As seen from the screenshot above, the data provided are the most essential factors. The 2 which I typically look at, are: (number of) Recordings, and Battery Level. I'm also happy to report that I've typically been able to communicate with The Micro from distances well on the plus side of 10 meters.
It's interesting to see it connect, while the distances between are not line of sight, through house walls, at odd angles, etc.

The Song Meter Micro Configuration screen

Personally, the species I've been hoping to record are Shrews; (Blarina Spp.) Short-Tailed Shrew, specifically. None confirmed yet, but I've recorded plenty of interesting species in the process. The Micro is well suited for recording many different species, and will be popular with Ecologists in the field.
 
To summarize, and point out additional features:
 
The Configurator App (on your smart phone or tablet) conveniently shows the recording space available on your installed SD card; and your battery status.

The User Manual states that mounting methods include bungie cords, zip ties, or cable locks - I agree; I've found zip ties of various sizes to be useful.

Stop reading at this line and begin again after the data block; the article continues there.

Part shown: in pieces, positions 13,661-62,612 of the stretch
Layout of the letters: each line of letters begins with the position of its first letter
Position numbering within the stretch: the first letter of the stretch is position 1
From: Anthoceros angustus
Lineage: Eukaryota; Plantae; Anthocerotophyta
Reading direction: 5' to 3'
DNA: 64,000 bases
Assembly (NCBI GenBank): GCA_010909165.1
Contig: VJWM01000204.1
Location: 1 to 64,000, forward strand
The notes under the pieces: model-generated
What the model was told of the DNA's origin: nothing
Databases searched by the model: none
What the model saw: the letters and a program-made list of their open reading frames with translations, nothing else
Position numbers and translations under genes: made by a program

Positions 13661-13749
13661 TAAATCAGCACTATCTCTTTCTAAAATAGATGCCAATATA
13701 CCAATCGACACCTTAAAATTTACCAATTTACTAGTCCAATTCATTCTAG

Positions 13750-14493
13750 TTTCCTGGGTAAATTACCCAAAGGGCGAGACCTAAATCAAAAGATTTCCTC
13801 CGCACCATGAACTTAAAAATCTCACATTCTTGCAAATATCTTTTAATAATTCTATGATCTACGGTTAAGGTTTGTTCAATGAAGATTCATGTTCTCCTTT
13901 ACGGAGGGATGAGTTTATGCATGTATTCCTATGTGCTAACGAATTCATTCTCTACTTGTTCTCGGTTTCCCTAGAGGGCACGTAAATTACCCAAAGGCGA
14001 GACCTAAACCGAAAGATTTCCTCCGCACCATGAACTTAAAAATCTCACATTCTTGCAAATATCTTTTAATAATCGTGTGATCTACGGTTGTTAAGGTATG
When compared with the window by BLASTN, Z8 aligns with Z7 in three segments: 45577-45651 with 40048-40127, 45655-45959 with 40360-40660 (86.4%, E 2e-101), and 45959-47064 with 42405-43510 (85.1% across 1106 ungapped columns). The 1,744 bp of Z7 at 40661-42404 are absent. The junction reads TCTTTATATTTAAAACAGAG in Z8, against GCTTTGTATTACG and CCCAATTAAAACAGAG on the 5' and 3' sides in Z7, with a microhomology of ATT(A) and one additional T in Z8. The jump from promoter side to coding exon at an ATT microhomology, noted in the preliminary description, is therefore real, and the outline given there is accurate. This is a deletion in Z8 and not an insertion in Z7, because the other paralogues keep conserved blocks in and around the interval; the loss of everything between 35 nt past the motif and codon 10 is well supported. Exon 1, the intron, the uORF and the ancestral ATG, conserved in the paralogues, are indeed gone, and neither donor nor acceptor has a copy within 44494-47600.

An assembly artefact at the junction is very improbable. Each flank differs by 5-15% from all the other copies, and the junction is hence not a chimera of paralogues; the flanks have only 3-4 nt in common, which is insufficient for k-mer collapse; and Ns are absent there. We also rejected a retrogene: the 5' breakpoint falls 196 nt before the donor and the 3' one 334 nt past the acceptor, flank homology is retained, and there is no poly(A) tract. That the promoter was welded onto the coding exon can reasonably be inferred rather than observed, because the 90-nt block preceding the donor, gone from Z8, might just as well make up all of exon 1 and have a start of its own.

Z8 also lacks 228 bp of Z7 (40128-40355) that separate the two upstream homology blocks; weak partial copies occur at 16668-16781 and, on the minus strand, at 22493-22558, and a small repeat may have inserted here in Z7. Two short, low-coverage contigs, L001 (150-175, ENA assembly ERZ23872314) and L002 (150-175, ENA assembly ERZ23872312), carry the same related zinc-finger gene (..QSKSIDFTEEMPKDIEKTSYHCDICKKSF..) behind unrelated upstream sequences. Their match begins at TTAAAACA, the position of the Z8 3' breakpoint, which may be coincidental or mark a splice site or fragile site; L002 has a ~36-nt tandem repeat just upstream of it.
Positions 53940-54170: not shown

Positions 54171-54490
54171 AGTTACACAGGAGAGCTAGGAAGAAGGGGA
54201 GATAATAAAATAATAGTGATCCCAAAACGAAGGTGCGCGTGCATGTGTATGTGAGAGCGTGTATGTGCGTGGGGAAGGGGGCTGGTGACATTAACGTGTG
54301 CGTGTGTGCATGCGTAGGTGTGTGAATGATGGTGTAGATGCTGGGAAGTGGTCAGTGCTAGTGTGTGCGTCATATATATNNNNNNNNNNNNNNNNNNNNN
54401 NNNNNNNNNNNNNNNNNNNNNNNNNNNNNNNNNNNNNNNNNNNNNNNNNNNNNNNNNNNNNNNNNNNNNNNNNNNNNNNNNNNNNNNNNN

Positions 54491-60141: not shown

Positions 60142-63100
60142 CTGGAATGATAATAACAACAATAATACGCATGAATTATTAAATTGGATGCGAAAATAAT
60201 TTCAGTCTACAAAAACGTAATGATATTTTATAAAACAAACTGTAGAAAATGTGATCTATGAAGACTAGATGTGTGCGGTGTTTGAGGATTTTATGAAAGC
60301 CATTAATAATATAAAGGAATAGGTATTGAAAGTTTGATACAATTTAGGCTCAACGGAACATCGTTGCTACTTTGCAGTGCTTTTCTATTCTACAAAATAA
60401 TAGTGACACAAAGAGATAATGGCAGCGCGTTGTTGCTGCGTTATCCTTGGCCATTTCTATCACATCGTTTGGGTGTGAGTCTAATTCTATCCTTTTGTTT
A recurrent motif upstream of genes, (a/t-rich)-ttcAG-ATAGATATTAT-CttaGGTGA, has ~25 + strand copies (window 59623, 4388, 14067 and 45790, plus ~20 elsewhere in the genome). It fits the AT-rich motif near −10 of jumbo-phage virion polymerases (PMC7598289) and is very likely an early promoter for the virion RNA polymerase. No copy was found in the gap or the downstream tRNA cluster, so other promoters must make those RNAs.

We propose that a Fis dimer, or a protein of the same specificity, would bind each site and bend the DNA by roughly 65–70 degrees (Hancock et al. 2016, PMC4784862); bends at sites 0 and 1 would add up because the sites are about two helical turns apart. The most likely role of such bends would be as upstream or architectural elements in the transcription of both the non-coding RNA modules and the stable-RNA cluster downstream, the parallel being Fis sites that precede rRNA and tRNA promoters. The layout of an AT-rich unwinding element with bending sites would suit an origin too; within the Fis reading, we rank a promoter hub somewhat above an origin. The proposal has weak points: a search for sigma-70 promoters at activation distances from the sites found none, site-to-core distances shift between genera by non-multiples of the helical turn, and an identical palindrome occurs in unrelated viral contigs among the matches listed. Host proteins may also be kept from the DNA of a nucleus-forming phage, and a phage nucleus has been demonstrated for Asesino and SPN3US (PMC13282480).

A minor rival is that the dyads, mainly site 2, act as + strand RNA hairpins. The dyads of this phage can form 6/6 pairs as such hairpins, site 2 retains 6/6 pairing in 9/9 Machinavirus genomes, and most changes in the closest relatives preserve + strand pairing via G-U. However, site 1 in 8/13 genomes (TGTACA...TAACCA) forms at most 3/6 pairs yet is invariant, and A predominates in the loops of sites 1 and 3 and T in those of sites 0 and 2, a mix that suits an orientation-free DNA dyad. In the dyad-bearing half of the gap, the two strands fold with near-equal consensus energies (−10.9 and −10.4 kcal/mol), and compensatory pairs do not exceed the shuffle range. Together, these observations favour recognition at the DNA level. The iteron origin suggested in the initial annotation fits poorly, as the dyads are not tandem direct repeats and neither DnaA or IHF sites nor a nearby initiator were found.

Inside The Song Meter Micro - Note: Always use good quality / good name brand batteries (not like the ones installed above)

 
As mentioned in my video review, on The BatAbility Club's Site:
I originally had issues when syncing the time/time zone, using my Lenovo tablet. I did not encounter the issue when testing/using The Micro with other smart phones & tablets.

The Preset 'Record birds/frogs from sunrise to sunset' is perfect for recording birds.

Remember to tap the 'Load' icon, to display a list of saved configuration files, while in the Configurator App. 
Tap the 'Save' icon to name and save the current configuration/settings to the Configuration Library.
To save new changes to the Configuration Library, tap the Save icon again.

The microphone has a Test Microphone feature. It allows you to check the status of the Mic's sensitivity; as well as calibrate it (with a third-party calibrator).

Choose a sample rate that is at least double the highest frequency to be recorded.
 
Utilizing a silica gel packet (inside the unit) when deploying, is an excellent tip from Wildlife Acoustics.
 

Again, The Song Meter Micro was made was designed to record vocalizations of non-bat species. So far, I've made very good recordings of: Fowler's Toads, Wood Ducks, various songbirds, various singing insects, Great Horned Owl, Coyote, and in a pinch: Bats.


I think my Nephew Gabe approves!


Next-up: USB based bat detectors from Pettersson! The M500 and U384 Microphones - Video presentation review on The BatAbility Club
If you haven't already, you should consider becoming a Member - Neil Middleton has interviewed almost everyone who is anyone in the world of Bats!
Including extensive interviews with Lars Pettersson, David King, and none other than Merlin Tuttle!! And many, many more...

Until then, Happy bat animal detecting!